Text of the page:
Herd immunity likely keeping Zika numbers low this summer

Florida has reported significantly fewer Zika infections this year, which may be the result of growing immunity to the virus, according to a HealthDay report.

Florida reported 1,122 cases of travel-related Zika infections and 285 locally acquired Zika cases in 2016. The numbers for 2017 are significantly lower with 108 cases of travel-related infections and just nine locally acquired infections. The nine local cases also carry a caveat — infected individuals tested positive for Zika in 2017, but exposure occurred in 2016, according to the Florida Department of Health.

Countries in South America and the Caribbean — the regions hardest hit by Zika last year — have also experienced a substantial decline in Zika cases this year, according to HealthDay. Previous research suggests those infected with Zika virus may cultivate an immunity that bars future infections.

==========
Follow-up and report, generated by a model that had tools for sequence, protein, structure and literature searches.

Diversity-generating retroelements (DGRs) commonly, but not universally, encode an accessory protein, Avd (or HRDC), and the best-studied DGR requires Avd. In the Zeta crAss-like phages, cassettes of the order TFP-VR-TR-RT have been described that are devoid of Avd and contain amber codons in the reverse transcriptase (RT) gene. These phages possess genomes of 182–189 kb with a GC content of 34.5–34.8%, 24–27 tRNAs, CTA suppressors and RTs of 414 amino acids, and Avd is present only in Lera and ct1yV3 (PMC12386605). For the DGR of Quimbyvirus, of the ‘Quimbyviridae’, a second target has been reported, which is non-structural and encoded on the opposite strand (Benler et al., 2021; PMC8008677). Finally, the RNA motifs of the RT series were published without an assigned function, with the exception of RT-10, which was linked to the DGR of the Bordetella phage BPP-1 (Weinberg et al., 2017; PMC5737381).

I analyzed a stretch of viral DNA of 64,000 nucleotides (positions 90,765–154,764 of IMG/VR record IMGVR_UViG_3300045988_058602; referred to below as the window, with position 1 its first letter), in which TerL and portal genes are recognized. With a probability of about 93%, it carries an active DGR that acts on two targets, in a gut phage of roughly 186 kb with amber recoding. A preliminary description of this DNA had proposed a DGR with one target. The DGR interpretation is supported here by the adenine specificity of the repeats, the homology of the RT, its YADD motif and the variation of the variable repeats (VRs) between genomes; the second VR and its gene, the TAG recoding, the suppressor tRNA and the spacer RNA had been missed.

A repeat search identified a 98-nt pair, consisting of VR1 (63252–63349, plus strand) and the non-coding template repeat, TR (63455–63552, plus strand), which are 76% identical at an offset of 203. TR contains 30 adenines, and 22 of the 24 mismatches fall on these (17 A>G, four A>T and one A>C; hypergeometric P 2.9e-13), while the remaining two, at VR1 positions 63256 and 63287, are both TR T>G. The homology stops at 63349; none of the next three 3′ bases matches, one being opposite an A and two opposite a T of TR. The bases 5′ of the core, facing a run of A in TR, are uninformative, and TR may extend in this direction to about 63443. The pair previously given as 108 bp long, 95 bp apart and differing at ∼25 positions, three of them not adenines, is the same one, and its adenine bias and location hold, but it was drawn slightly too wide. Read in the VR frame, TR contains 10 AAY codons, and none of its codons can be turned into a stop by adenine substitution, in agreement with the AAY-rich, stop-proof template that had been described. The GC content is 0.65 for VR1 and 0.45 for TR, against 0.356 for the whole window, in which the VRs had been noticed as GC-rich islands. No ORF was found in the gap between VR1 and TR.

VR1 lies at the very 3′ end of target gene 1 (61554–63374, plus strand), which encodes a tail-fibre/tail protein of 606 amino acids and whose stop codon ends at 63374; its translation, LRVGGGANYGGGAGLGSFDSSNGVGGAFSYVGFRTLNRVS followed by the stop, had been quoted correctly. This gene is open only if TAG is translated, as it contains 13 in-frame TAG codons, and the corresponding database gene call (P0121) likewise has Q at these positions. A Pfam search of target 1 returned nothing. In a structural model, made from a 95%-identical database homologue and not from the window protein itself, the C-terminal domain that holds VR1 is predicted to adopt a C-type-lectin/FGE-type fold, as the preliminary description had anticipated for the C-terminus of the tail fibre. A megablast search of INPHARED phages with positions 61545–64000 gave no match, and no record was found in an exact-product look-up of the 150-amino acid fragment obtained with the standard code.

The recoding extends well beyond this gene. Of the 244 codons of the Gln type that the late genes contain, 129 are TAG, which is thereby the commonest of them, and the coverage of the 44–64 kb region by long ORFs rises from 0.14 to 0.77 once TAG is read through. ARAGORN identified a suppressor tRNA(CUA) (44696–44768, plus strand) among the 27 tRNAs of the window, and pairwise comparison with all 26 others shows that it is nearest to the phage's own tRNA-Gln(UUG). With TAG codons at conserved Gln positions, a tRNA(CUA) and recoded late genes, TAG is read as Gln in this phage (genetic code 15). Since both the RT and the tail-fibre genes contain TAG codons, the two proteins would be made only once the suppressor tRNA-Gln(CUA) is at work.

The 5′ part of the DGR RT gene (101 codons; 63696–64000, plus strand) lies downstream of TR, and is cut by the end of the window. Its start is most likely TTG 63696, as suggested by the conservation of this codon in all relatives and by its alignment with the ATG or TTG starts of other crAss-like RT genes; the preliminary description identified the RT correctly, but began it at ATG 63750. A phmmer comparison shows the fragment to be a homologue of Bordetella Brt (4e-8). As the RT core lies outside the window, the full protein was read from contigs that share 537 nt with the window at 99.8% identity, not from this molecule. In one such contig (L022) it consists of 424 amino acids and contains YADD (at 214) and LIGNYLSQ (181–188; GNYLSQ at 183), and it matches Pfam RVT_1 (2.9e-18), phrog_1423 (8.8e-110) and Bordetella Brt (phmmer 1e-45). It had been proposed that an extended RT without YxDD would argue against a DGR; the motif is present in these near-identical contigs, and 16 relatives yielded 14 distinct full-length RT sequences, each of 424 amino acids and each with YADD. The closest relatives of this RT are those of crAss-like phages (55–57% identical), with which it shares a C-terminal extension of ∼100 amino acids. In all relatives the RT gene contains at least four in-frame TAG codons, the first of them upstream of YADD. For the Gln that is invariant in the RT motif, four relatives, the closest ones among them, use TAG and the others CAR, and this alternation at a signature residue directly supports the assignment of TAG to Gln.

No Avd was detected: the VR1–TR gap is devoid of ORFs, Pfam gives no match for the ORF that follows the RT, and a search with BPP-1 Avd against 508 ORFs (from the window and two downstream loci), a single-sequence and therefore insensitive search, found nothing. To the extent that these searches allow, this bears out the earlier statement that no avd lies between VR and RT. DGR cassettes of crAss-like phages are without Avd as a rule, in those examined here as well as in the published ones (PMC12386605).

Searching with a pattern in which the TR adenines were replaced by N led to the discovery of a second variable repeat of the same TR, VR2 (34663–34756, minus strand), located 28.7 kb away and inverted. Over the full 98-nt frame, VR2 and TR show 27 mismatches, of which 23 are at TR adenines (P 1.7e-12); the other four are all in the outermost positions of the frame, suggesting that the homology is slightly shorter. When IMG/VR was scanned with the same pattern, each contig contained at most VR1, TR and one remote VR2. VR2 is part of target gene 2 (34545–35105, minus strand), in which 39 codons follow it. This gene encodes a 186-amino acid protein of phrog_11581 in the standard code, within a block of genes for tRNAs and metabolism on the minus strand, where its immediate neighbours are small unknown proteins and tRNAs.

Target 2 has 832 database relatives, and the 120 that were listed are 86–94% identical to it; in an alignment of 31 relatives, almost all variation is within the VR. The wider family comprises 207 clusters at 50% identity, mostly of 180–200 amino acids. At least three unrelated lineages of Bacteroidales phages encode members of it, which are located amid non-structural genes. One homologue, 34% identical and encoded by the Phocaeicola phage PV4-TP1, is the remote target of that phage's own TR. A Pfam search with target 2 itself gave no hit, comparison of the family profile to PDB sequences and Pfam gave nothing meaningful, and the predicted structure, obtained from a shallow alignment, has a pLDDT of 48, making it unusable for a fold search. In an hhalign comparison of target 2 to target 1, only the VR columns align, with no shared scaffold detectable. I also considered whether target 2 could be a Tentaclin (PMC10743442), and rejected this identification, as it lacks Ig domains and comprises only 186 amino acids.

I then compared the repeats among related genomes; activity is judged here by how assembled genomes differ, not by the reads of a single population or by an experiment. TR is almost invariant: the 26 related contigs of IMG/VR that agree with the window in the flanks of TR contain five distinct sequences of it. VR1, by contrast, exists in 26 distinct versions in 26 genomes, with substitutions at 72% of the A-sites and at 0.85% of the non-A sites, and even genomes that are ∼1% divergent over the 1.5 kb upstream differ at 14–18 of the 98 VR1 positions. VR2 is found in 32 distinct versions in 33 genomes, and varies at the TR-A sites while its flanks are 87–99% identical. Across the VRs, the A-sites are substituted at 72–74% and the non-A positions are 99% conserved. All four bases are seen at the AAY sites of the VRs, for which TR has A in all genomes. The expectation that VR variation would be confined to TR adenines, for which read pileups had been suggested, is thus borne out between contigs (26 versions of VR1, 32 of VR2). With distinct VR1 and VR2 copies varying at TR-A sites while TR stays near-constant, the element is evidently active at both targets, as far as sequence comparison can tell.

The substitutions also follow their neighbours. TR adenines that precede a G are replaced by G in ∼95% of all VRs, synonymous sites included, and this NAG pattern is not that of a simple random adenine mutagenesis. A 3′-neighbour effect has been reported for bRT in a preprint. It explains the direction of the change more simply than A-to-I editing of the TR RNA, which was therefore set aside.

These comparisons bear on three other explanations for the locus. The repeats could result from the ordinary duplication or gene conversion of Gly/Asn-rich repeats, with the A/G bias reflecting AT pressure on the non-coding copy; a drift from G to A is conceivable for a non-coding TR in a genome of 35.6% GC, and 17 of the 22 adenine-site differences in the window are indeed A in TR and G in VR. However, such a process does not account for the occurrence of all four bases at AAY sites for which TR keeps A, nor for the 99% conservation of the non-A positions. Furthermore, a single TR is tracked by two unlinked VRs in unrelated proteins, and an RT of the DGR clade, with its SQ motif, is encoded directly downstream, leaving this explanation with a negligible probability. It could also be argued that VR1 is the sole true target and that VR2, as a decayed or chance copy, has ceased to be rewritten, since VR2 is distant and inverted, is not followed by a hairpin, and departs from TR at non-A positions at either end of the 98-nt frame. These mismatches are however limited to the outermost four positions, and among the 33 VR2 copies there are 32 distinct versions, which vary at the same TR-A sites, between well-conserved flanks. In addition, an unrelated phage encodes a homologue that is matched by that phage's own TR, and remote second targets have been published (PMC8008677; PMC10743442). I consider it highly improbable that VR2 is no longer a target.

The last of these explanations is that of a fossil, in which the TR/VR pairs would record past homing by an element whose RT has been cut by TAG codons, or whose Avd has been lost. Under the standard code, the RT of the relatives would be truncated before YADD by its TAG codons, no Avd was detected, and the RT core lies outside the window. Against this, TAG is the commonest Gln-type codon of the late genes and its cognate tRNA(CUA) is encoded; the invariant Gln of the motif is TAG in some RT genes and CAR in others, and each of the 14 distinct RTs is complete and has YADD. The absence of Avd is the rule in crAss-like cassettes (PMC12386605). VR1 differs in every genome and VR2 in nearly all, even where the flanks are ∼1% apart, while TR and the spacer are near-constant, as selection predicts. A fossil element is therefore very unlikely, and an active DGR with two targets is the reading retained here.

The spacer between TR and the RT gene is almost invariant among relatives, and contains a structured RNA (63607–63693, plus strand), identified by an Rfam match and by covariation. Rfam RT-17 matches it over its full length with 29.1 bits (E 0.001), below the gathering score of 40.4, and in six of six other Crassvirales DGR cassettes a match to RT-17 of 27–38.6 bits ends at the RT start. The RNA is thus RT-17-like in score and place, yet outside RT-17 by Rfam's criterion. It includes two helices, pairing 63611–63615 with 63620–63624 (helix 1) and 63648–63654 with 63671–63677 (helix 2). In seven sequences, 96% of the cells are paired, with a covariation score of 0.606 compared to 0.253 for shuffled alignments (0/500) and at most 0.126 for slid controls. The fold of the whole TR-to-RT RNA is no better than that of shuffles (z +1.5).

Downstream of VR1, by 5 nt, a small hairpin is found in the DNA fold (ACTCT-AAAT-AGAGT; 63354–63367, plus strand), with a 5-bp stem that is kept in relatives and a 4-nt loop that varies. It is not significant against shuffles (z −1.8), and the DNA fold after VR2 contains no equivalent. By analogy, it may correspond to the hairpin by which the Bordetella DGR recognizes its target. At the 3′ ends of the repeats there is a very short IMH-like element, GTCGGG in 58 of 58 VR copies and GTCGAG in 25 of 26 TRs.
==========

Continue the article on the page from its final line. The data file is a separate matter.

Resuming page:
"If a large enough proportion of the herd — be it cows or mice or people — are resistant to a disease, it's very difficult for the disease to spread," Uriel Kitron, PhD, chair of the department of environmental sciences at Emory University in Atlanta, told HealthDay. "We think a large proportion of the people have been infected, many of them without symptoms, and have lifelong immunity. There has been very little transmission since."

More articles on the Zika virus: 
Zika linked to increase in life-threatening neurologic conditions among adults in Brazil 
Florida identifies 1st case of sexually transmitted Zika for 2017 
Texas sees 1st case of locally acquired Zika for 2017

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